·
the need to obtain and comply with permits and authorizations;
 
 
·
liability for exceeding applicable permit limits or legal requirements, in some cases for the remediation of contaminated soil and groundwater at our facilities, contiguous and adjacent properties and other properties owned and/or operated by third parties; and
 
 
·
specifications for the ethanol we market and produce.
 
In addition, some governmental regulations are helpful to our ethanol marketing and production business. The ethanol fuel industry is greatly dependent upon mandates and environmental regulations that favor the use of ethanol in motor fuel blends in North America. Some of the governmental regulations applicable to our ethanol marketing and production business are briefly described below.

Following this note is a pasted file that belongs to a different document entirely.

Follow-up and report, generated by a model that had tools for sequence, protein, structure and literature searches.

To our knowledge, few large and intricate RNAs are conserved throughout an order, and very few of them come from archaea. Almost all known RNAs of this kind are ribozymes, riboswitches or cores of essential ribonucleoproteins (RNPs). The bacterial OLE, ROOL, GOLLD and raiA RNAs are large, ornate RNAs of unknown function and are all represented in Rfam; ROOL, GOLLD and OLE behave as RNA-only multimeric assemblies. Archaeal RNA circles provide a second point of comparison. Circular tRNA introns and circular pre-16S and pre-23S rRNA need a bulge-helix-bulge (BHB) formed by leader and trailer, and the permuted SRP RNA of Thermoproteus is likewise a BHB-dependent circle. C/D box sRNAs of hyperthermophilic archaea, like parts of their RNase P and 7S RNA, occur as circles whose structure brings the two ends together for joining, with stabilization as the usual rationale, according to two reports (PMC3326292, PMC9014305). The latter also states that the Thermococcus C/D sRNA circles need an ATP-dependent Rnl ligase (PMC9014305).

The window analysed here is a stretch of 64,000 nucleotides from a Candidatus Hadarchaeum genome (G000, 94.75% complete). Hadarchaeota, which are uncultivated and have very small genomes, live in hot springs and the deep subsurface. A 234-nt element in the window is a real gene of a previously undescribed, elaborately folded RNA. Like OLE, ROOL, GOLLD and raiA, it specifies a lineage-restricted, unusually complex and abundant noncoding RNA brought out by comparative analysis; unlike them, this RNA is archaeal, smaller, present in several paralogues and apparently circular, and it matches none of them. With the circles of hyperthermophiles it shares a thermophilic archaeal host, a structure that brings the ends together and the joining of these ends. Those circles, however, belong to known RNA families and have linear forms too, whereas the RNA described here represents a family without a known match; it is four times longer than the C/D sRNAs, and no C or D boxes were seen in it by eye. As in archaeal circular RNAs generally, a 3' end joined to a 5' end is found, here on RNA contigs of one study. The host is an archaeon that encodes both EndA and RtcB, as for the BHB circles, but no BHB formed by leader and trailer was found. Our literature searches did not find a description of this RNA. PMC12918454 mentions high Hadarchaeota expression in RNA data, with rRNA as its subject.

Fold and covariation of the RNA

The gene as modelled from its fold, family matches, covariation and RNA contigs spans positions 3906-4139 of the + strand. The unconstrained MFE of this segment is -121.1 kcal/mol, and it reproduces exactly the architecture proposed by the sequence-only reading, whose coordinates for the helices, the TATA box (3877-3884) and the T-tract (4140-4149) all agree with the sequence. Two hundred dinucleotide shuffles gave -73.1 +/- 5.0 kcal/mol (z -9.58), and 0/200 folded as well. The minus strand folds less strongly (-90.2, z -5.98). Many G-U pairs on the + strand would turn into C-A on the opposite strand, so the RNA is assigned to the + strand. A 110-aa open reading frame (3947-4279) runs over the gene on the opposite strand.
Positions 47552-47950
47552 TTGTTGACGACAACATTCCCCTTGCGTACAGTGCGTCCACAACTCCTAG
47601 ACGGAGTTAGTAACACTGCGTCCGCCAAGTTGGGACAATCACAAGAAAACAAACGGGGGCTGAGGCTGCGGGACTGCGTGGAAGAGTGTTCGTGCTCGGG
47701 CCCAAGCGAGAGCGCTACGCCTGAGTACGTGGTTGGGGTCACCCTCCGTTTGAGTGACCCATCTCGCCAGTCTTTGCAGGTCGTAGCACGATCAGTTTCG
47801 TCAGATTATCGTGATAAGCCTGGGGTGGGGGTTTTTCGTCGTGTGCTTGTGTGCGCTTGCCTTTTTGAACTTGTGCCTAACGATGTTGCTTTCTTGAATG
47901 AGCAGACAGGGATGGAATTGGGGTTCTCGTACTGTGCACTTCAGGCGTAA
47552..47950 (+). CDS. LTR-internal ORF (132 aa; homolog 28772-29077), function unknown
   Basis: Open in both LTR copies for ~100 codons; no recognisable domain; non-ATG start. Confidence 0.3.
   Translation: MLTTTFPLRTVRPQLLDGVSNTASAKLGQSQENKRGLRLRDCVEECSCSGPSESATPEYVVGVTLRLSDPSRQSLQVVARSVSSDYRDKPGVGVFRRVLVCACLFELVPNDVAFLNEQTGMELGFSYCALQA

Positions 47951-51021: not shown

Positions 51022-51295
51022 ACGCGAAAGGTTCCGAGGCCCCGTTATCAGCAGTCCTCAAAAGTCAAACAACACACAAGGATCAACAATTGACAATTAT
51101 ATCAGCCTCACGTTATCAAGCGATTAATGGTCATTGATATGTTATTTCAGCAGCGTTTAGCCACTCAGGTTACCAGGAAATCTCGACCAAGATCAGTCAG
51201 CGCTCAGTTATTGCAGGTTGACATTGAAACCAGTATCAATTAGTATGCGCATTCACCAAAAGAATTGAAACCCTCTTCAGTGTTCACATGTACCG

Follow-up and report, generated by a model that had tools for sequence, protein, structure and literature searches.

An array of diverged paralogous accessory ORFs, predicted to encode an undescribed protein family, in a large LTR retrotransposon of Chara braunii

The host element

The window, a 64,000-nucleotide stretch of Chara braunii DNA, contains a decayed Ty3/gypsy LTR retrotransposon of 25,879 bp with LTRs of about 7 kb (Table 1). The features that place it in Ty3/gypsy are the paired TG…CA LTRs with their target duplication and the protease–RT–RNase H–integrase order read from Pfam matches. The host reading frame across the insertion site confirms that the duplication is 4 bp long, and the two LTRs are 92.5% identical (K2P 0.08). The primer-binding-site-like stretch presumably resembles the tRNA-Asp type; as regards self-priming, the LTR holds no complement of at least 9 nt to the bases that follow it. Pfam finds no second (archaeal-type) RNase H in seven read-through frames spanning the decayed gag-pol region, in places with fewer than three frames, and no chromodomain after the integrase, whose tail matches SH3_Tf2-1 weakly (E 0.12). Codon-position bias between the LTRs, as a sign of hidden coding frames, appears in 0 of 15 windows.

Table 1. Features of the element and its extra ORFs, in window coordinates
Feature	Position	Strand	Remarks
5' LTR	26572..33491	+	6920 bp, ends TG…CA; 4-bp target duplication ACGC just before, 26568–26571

Clean Air Act Amendments of 1990
 
In November 1990, a comprehensive amendment to the Clean Air Act of 1977, or Clean Air Act, established a series of requirements and restrictions for gasoline content designed to reduce air pollution in identified problem areas of the United States. The two principal components affecting motor fuel content are the oxygenated fuels program, which is administered by states under federal guidelines, and a federally supervised reformulated gasoline, or RFG, program.
 
Oxygenated Fuels Program
 
Federal law requires the sale of oxygenated fuels in a number of carbon monoxide non-attainment Metropolitan Statistical Areas, or MSAs, during at least four winter months, typically November through February. Any additional MSAs not in compliance for a period of two consecutive years may also be included in the program. The EPA Administrator is afforded flexibility in requiring a shorter or longer period of use depending upon available supplies of oxygenated fuels or the level of non-attainment. This law currently affects the Los Angeles area, where over 150 million gallons of ethanol are blended with gasoline each winter.